If you are looking for Chinese idioms, or cheng yu, to describe feelings in your Chinese compo, then look no further!
In this post, I’m going to share 5 useful Chinese idioms that you can use in your primary school Chinese compo examinations to describe every common emotion.
Chinese idiom to describe how happy someone is
Let’s start with the Chinese idiom that we can use to describe happiness.
Instead of using the word 高兴 gao xing to describe a happy character in your Chinese composition, try using 手舞足蹈 shou wu zu dao.
The Chinese idiom 手舞足蹈 shou wu zu dao literally translates into hands dancing and legs dancing.
This is a good phrase to use if you are describing a happy child in your compo. Not only does it paint the visual image of an excited child waving his hands in the air while jumping for joy, it also shows your school teacher your mastery of the language when you pack this idea into 4 succinct Chinese characters.
Next, let’s learn a Chinese idiom to describe sadness.
Chinese phrases for sadness
Instead of describing how sad a character is by using 难过 nan guo in your Chinese composition, try using 哇哇大哭 wa wa da ku.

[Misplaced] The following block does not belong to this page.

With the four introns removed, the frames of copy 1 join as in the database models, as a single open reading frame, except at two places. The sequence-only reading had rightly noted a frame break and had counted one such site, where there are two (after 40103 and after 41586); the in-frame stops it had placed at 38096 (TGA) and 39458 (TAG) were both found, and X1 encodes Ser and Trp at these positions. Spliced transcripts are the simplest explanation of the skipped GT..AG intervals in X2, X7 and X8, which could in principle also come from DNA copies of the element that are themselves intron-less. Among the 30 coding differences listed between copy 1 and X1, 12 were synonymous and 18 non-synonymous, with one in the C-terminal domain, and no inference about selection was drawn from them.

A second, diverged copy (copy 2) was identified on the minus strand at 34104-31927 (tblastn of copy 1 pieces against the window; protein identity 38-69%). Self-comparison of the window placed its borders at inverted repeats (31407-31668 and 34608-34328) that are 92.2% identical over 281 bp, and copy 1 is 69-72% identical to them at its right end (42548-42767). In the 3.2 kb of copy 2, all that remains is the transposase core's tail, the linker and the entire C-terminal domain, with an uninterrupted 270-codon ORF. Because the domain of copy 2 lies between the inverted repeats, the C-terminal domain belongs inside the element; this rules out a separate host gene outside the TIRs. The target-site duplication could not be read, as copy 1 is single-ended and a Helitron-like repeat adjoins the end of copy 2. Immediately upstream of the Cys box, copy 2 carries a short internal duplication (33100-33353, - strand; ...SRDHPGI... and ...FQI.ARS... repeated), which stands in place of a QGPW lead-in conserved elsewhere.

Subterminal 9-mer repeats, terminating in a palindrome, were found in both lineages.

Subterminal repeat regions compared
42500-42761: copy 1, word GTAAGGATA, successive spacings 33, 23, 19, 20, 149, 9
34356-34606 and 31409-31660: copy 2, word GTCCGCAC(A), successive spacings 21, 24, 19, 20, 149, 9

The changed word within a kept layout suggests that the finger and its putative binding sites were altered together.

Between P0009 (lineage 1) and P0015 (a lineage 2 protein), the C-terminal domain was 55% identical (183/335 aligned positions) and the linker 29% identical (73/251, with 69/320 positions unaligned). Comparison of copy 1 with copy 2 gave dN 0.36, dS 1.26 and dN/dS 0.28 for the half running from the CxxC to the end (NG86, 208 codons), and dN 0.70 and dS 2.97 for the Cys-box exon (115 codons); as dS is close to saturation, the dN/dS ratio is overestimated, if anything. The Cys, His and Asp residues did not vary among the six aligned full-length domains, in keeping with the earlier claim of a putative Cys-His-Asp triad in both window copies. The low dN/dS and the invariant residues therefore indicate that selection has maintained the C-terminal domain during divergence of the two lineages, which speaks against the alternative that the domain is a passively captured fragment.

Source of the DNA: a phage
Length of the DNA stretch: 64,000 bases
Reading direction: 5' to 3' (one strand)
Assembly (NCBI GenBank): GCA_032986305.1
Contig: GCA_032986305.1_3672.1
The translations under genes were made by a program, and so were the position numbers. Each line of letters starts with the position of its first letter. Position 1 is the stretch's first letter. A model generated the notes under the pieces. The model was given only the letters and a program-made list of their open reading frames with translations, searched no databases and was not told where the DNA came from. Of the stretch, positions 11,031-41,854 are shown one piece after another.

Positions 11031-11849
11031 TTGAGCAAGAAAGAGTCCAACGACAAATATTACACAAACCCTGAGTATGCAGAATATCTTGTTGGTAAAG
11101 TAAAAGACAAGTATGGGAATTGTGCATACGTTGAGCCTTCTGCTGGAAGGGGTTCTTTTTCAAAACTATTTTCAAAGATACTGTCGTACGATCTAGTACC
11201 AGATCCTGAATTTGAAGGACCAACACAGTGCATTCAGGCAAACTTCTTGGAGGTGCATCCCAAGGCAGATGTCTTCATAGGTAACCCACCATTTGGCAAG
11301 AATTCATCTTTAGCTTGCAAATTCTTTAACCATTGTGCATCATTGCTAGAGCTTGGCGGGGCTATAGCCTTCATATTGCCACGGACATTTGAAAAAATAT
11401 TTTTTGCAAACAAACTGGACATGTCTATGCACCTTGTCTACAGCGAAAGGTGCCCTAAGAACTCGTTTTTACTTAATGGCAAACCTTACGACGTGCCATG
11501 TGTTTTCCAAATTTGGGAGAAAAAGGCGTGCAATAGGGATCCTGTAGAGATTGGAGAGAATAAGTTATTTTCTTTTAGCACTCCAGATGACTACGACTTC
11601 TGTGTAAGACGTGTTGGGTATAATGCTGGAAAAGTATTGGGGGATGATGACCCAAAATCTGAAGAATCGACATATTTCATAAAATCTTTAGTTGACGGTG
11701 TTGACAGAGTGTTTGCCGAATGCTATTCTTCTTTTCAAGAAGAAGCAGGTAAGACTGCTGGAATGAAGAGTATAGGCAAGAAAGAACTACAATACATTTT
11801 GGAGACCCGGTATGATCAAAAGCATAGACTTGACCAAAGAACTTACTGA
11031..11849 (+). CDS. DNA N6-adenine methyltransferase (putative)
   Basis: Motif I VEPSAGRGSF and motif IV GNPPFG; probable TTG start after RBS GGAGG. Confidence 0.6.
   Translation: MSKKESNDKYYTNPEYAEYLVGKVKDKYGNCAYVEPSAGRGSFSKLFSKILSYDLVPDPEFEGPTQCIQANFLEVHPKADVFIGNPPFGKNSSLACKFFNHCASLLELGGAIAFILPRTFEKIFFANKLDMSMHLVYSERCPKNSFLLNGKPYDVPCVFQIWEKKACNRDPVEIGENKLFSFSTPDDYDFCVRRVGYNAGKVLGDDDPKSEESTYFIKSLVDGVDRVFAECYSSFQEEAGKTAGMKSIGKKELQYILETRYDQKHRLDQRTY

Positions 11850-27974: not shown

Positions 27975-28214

This Chinese idiom has the same meaning as wailing in sorrow, a good phrase that you’ve probably learnt for your English composition. Unlike the previous Chinese idiom, this good phrases adds sound to your compo, making it easier for your reader to imagine how sad the character you are describing really is.
Chinese idioms for disappointment
Now, a sad character doesn’t always cry. Sometimes, your character might just be disappointed by some event that happened. How can you describe such a feeling?
Well, use the cheng yu cui tou sang qi. This means that same as sighing in despair and it also gives the reader some room to imagine how disappointed your character looks.
Chinese compo phrases for angry
When it comes to describing a character who is angry, you wouldn’t want to make the character say “我很生气 I am angry.” So what kind of angry Chinese phrases can you use for your compo?
The answer is 火冒三丈 huo mao san zhang.
This is a Chinese idiom that is both visual and easy to write. The literal meaning of the cheng yu huo mao san zhang is “fire shot up 3 feet high”. In other words, the flames of anger are so strong that it’s about the explode. You are very angry.
Chinese compo phrases for shock
Finally, the last Chinese idiom that will be useful to know is one that describe how shock 惊讶 a character is. For this last idiom, I’ve chosen the phrase “面如土色 mian ru tu se”. This is another Chinese idiom that is both visual and easy to write. “mian ru tu se”.
Now that you’ve learnt some examples of Chinese idioms to describe feelings, use them in your Chinese compo and see what difference it makes.
Besides idioms, there are many other good Chinese phrases for compo that you can use to improve the flow of your writing. Check out this post to learn more.